Some bioethicists have focused on the ‘potential’ of the unborn to become humans and contend that this potential bestows a special status upon them. Manninen evokes the Kantian concept of personhood to argue that because surplus IVF embryos are in a location (the laboratory or cryogenic storage facility) where they cannot develop into humans (unless transferred into a uterus), they cannot be considered to possess the same kind of potential for personhood as do embryos located within a uterus (see also Sills & Murphy for a discussion of this perspective). She contends that using these embryos in hESC, and therefore in efforts to help ‘actual persons’, is far more respectful of them than is disposing of them as medical waste. As Sills & Murphy note, this issue of ‘respect’ may be articulated in an intermediate position on the personhood of embryos, in which it is argued that while embryos are not full moral persons, they are distinct from other human tissue both because of their potential to become humans and the symbolic value they have for many people. Therefore the disposal of surplus IVF embryos should be carried out in a ‘respectful’ manner; although how this ‘respectful manner’ is determined is itself subject to interpretation. However George & Lee disagree about this definition of ‘respect’ for embryos. They state their case that human embryos should be considered ‘human beings who deserve the same basic respect we accord to human beings at later developmental stages’. As this suggests, these bioethicists bestow the early embryo with the same status as any other human: only the ‘degree of maturation’ separates the early embryo from later foetal entities, newborns and adult humans (see Sagan & Singer’s response to their argument).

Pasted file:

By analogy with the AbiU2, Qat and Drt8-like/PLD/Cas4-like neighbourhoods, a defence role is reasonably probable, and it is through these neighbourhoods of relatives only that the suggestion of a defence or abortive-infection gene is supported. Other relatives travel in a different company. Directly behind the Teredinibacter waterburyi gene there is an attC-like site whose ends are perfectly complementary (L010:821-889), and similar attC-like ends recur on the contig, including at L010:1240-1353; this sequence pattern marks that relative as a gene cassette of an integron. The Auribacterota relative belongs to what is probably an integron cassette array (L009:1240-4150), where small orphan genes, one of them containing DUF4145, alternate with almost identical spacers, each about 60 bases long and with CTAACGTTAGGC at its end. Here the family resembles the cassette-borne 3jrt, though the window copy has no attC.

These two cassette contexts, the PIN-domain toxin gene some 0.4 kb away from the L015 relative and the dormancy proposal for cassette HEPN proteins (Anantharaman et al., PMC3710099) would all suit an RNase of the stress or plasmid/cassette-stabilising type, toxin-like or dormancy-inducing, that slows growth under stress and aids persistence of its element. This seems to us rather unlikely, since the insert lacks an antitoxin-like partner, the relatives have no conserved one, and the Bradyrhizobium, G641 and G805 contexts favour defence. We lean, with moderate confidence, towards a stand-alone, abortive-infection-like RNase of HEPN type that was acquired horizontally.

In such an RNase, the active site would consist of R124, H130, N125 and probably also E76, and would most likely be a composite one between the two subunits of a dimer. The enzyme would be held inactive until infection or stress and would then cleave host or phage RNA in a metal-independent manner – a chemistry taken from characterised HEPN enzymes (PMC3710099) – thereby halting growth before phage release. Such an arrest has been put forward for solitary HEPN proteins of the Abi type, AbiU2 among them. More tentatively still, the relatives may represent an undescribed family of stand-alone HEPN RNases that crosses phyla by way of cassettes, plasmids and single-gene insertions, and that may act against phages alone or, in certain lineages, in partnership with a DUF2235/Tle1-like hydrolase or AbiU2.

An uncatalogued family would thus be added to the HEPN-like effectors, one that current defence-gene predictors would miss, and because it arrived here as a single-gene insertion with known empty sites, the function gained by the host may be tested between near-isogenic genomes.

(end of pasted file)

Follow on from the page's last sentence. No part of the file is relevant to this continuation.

These discussions tend to be based on rationalist philosophical principles, which are removed from the affective and embodied experiences of those people who are commissioning the creation of these embryos in the hope of having children. Qualitative research into how commissioning individuals or couples conceptualise the notion of the ‘spare embryo’ and how they respond to making the often very difficult decision about their disposal is able to highlight the complexities of meaning around this entity. This is evident from the British research and interviews with Japanese women confronted with this decision. As this research demonstrates, IVF embryos are often considered as ‘a part of me’ and as already ‘my child’. To discard them is viewed by some individuals as akin to undergoing an abortion. Such embryos may have a value based on relational factors that differentiates them from other parts of the body that may be donated, such as blood or organs, both because they are potential children and also because they are the product of time, expense, emotional investment and onerous medical treatment. As one woman in the Japanese study put it, her IVF embryos were the ‘crystallization of my blood, sweat and tears’. She therefore could not countenance the notion of discarding them as medical waste.

Unborn Entities as Moral Work Objects